Amsterdam, inexplicably winner of the 1998 Man Booker Prize for Fiction, is a remarkably uneven novel … one is nearly tempted to say disjointed.
That is not to say that Ian McEwan’s prose style is lacking. He is not a luminescent stylist in the manner of, say, Michael Chabon, but McEwan writes with a striking economy of line and incisive ability to capture character with a phrase. So how did so accomplished a writer fail so badly with this book…?
Amsterdam tells the story of four people, one dead and her three surviving lovers. The novel opens at the funeral of Molly Lane, who died painfully after a swift and debilitating illness. Molly seems to be that perfect woman who can only be realized post mortem: she is loving, sexy, talented, erudite, carefree and supportive. Clearly too difficult to write in anything other than the reminiscences of other characters.
Among the mourners are composer Clive Linley and newspaper editor Vernon Halliday. Each had longish affairs with Molly in the past, and are friendly with each other independent of her. Also attending is Foreign Secretary Julian Garmony, another of Molly’s ex-lovers. Garmony is an extreme right-winger (he would seem to be nearly as loathsome as our former President Bush) in line to become Prime Minister who uses the funeral as an event to glad hand reporters.
Also attending is Molly’s husband George, a wealthy publisher of trashy books.
Following the funeral, Clive -- perhaps McEwan’s one sympathetic character in the novel -- fears that he too may be ill. Both he and Vernon were upset by the horrific details of Molly’s passing and he discusses end-of-life care with Vernon. Both men vow that if either becomes too sick or too debilitated with illness to live with dignity, that the healthy man will help the other find the release of death.
Clive’s illness proves to be nothing more than anxiety, and the novel lurches to its next key plot point: George has uncovered, among Molly’s effects, compromising photos of Garmony in drag. He sells them to Vernon’s newspaper and Clive and Vernon argue bitterly over the morality of publishing them.
Vernon decides to print them, and is absorbed in the roll-up to publication while Clive works on his symphony, commissioned by the government to celebrate the coming millennium. The bitter words exchanged have festered to some degree in both men, and their misunderstandings escalate after Garmony out-maneuvers Vernon by having his wife make the photos public herself.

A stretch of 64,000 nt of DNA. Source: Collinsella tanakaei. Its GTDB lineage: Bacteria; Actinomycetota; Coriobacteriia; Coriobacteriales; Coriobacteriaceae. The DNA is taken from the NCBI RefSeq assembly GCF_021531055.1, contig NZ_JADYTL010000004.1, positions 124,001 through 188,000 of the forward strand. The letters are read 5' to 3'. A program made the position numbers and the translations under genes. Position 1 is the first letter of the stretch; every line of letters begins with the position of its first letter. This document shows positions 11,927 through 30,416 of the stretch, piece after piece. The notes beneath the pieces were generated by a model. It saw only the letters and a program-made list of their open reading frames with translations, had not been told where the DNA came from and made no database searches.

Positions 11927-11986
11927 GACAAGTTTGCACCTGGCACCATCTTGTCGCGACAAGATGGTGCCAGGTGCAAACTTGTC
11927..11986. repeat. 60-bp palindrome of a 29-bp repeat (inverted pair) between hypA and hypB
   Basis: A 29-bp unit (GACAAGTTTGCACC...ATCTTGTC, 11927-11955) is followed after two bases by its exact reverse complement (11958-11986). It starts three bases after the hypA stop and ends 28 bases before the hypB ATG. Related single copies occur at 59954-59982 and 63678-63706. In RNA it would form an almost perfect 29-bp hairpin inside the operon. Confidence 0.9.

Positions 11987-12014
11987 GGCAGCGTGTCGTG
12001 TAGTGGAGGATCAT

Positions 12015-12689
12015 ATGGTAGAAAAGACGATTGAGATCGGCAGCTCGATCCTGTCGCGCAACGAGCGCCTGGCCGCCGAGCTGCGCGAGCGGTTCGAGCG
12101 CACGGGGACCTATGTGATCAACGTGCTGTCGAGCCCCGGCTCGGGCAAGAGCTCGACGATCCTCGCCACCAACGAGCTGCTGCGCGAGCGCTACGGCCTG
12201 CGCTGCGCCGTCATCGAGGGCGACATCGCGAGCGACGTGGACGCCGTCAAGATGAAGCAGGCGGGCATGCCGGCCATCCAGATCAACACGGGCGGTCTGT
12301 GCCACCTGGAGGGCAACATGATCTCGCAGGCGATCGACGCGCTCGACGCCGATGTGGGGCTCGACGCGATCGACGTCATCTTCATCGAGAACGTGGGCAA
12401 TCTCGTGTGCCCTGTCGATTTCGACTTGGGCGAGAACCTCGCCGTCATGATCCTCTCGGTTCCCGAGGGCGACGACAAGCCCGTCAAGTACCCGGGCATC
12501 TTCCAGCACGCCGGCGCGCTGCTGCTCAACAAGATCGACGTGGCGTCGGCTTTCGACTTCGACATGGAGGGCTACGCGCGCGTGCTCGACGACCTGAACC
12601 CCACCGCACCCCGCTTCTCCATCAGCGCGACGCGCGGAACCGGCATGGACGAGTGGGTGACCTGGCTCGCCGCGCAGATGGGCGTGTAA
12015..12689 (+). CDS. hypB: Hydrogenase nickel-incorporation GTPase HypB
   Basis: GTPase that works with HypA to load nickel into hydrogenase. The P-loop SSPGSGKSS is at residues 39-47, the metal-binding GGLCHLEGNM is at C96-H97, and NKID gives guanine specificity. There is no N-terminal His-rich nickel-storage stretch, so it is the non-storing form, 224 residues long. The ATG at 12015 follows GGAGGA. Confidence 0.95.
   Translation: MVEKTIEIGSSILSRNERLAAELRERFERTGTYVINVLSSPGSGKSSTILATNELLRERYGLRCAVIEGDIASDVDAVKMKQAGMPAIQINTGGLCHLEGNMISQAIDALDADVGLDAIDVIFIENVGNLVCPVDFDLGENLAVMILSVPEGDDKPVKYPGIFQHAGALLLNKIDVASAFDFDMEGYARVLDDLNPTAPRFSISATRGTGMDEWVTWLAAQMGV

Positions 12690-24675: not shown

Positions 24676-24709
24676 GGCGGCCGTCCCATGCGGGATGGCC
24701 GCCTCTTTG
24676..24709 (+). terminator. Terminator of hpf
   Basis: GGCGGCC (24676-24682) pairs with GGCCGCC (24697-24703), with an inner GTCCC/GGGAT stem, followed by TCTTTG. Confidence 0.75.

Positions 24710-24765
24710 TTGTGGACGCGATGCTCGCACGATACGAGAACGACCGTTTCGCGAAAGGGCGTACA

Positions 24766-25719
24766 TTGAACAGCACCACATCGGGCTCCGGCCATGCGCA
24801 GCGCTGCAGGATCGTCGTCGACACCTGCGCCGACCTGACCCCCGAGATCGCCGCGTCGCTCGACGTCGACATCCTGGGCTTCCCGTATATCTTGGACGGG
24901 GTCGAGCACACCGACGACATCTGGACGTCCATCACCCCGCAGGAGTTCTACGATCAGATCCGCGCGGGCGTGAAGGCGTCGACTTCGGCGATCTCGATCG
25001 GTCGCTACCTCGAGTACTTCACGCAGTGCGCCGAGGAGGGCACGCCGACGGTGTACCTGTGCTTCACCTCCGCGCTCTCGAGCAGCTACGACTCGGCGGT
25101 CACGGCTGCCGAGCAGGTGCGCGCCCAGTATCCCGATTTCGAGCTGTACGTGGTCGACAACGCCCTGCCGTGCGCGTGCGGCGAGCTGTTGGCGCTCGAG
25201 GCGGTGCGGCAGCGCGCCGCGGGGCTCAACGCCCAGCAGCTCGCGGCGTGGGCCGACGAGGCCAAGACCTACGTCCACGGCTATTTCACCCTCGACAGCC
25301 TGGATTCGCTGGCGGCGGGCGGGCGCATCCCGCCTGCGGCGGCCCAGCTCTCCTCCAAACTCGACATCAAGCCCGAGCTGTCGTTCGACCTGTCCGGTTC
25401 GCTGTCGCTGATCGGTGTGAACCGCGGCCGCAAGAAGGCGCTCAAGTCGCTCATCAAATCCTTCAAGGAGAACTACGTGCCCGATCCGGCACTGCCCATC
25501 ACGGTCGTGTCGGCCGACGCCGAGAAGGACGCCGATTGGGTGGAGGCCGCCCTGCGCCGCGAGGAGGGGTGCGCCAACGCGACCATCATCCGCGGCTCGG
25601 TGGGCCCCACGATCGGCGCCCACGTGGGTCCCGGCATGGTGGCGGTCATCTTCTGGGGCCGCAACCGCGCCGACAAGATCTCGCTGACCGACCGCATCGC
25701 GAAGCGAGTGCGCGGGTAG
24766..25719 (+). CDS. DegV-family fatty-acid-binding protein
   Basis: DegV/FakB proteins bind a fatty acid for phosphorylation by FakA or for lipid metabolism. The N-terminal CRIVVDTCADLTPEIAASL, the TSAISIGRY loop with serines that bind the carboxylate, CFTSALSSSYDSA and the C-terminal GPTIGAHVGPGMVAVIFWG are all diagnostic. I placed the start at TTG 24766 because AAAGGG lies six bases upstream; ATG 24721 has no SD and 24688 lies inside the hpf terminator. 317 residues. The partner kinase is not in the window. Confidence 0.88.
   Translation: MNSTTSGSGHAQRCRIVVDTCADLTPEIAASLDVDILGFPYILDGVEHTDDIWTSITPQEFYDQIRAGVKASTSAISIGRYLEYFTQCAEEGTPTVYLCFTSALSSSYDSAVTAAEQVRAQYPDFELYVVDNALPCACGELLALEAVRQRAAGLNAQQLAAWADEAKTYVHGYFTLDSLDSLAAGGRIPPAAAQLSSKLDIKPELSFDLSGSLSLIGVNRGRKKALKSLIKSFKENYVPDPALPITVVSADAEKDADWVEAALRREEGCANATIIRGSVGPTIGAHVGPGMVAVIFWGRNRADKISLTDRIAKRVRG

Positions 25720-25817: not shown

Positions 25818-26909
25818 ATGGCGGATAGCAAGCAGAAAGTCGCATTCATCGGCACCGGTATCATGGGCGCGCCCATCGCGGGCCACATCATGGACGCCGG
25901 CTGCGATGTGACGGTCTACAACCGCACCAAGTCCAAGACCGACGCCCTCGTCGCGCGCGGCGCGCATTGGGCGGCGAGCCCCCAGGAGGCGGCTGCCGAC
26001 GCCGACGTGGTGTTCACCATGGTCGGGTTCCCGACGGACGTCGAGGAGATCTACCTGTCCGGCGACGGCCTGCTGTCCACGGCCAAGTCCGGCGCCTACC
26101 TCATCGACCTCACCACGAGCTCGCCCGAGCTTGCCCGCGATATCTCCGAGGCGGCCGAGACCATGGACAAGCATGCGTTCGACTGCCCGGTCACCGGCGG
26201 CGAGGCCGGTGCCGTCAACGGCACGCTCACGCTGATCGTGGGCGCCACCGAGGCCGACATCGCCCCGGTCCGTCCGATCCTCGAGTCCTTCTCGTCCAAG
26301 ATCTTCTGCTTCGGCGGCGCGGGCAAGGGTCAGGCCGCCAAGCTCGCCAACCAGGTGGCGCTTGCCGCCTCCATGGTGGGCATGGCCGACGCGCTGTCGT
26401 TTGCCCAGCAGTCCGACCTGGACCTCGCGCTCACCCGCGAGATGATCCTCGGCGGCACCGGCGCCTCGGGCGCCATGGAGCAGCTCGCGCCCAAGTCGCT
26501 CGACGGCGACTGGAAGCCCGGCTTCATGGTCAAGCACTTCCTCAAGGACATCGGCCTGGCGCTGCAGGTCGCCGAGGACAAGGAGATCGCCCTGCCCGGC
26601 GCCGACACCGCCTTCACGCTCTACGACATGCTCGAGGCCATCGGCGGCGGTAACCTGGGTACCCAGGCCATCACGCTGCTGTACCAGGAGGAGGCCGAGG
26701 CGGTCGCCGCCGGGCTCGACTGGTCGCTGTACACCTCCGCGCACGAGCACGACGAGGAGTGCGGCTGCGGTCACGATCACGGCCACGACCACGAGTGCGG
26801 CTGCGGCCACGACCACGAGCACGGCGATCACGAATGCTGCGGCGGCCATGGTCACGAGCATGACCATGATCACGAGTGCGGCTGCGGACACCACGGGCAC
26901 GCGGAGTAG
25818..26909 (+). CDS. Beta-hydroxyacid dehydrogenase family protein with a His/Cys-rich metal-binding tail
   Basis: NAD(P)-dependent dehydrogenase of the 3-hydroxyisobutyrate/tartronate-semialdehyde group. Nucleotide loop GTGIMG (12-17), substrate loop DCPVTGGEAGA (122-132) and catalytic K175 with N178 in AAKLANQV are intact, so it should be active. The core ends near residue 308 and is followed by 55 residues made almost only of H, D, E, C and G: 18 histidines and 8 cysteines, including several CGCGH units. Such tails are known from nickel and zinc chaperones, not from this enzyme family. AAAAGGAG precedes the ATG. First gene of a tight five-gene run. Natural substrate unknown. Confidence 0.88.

All of this is good stuff. Both Clive and Vernon are realistically rendered, each with a some degree of sympathy. And while this is not a comic novel per se, there is a great deal of humor in the depiction of each man. We also get an idea of the inner workings of Clive as an artist. Here he is thinking while taking a train across London:
In his corner of West London, and in his self-preoccupied daily round, it was easy for Clive to think of civilization as the sum of all the arts, along with design, cuisine, good wine, and the like. But now it appeared that this was what it really was – square miles of meager modern houses whose principal purpose was the support of TV aerials and dishes; factories producing worthless junk to be advertised on the televisions and, in dismal lots, lorries queuing to distribute it; and everywhere else, roads and the tyranny of traffic. It looked like a raucous dinner party the morning after. No one would have wished it this way, but no had been asked. Nobody planned it, nobody wanted it, but most people had to live in it. To watch it mile after mile, who would have guessed that kindness or the imagination, that Purcell or Britten, Shakespeare of Milton, had ever existed?
What happens to McEwan’s book then is quite tragic – the final chapter seems to flee from the main body of his story and turn into some kind of grotesque shaggy dog story. Let me make this clear – the closing chapter of Amsterdam seems to belong to another book; it comes almost completely from left field, as if McEwan suddenly remembered he had been writing a comic novel, and decided to close it off with an unfunny joke.
With his conclusion, McEwan successfully breaks the covenant between writer and reader by effectively defacing and erasing all that has come before. What is doubly confusing to your correspondent is that McEwan seems to want to write a straight novel while playing some cheap kind of post modernist game. That Amsterdam won the Booker Prize is just one unpalatable aspect of the book among many.